|Scandinavian||Nastrond [dead-man's region ]. The worst marsh in the infernal regions, where serpents pour forth venom incessantly from the high walls. Here the murderer and the perjured will be doomed to live for ever. Scandinavian|
|Scandinavian||A water-wraith or kelpie. There are nicks in sea, lake, river, and waterfall. Both Catholic and Protestant clergy have laboured to stir up an aversion to these beings. They are sometimes represented as half-child, half-horse, the hoofs being reversed, and sometimes as old men sitting on rocks wringing the water from their hair. This kelpie must not be confounded with the nix. Scandinavian|
8 ways to attend college for free
1. Grants and scholarshipsFinancial aid — the traditional way of eliminating college costs — is still available. To increase the odds of landing grants and scholarships, Doug Hewitt, co-author of “Free College Resource Book,” advises students to fill out the Free Application for Federal Student Aid, or FAFSA, and then focus on local prizes.
“There are more scholarships you’ll qualify for in your home state than nationally,” says Hewitt. “Look at local organizations and talk to your high school (guidance) counselor.”
And remember to start your search early. You won’t be the only person wondering how to go to college for free and scholarships can be limited to a first come, first served basis. You should also keep in mind that you don’t need to wait for your senior year to start hunting for scholarships. There are grants and awards available at all high school grade levels.
2. Give service to your countryThe U.S. Coast Guard, Air Force, Military (West Point), Merchant Marine and Naval academies offer free college opportunities to students who serve after college, but cash is also available through ROTC programs closer to home.
Service requirements for ROTC programs vary, but all require students to complete military training on campus and commit to up to 12 years, depending on the branch of service. Students leave with training, a guaranteed job and opportunities for more free education.
AmeriCorps, a national service organization that offers education awards in exchange for community work, provides an award of up to $5,730 for each full year of service. Maximum years of service vary among AmeriCorps programs. Members also receive a living stipend while serving in the program.
3. Work for the schoolSchools charge students tuition, but their employees often can get a free education. “This is a great option, especially for older students with job experience,” says Reyna Gobel, author of “CliffsNotes Graduation Debt.” “If you’re 18, you might not qualify for a job that provides (tuition) benefits.”
Schools typically provide benefits for full-time workers and sometimes require a certain level of experience, Gobel says. Future students can find out about their school’s policy by calling the admissions office.
4. Waive your costsSome students can get a free pass based on academic performance or other factors.
The North American Council on Adoptable Children in St. Paul, Minnesota, reports that Connecticut, Kentucky, Virginia, Maine, Massachusetts, Texas, Florida and Maryland offer waivers at certain public schools for adopted and foster care children.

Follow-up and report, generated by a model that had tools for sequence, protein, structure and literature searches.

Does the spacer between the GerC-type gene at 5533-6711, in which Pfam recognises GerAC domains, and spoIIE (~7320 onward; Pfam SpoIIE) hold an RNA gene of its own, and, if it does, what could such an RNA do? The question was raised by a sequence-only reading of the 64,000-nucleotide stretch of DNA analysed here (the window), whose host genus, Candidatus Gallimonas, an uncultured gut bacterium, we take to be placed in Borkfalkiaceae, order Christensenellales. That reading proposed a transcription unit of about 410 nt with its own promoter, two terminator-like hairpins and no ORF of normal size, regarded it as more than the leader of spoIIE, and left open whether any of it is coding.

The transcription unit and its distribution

Other schools offer waivers for Native American students, senior citizens and dislocated workers. To find out what your school offers, call the financial aid office.
5. Become an apprenticeAn apprenticeship is another solid option when you’re determining how to get free tuition. They can also open you up to job opportunities post-college.
Overall, your average apprenticeship program will take 1-6 years. You will probably be required to put in that time along with at least 2,000 hours of field work annually. The good news is that there are apprenticeships in more than 1,000 occupations, which can give you more options.
In exchange, the sponsoring employer pays for college or technical training and provides a salary. A list of available programs is available at the ApprenticeshipUSA website.
6. Have your employer pick up the costsAnother way you might receive a free college education is through your employer. Often given in the form of an employee reimbursement, there are plenty of employers that can help curb the cost of higher education.
7. Be in demandAnother great way to find out how to go to college for free is to determine if your field of study is “high-needs.” Will your studies result in a career that’s high in demand? Ask yourself this before you even enroll if you’re trying to cut the cost of college.
Generally, schools will offer incentives to anyone focusing their studies on math, science, nursing, teaching, and social work. There are also additional opportunities available through organizations like Teach for America, the Nurse Corps Loan Repayment Program and the National Institutes of Health.
The nursing program at the University of Portland in Oregon has offered scholarships covering approximately 80% of the final 2 years of undergraduate study, if students sign a 3-year employment contract with the local health system, Fabriquer says. “There are similar programs in (high-needs) fields across the country,” he adds.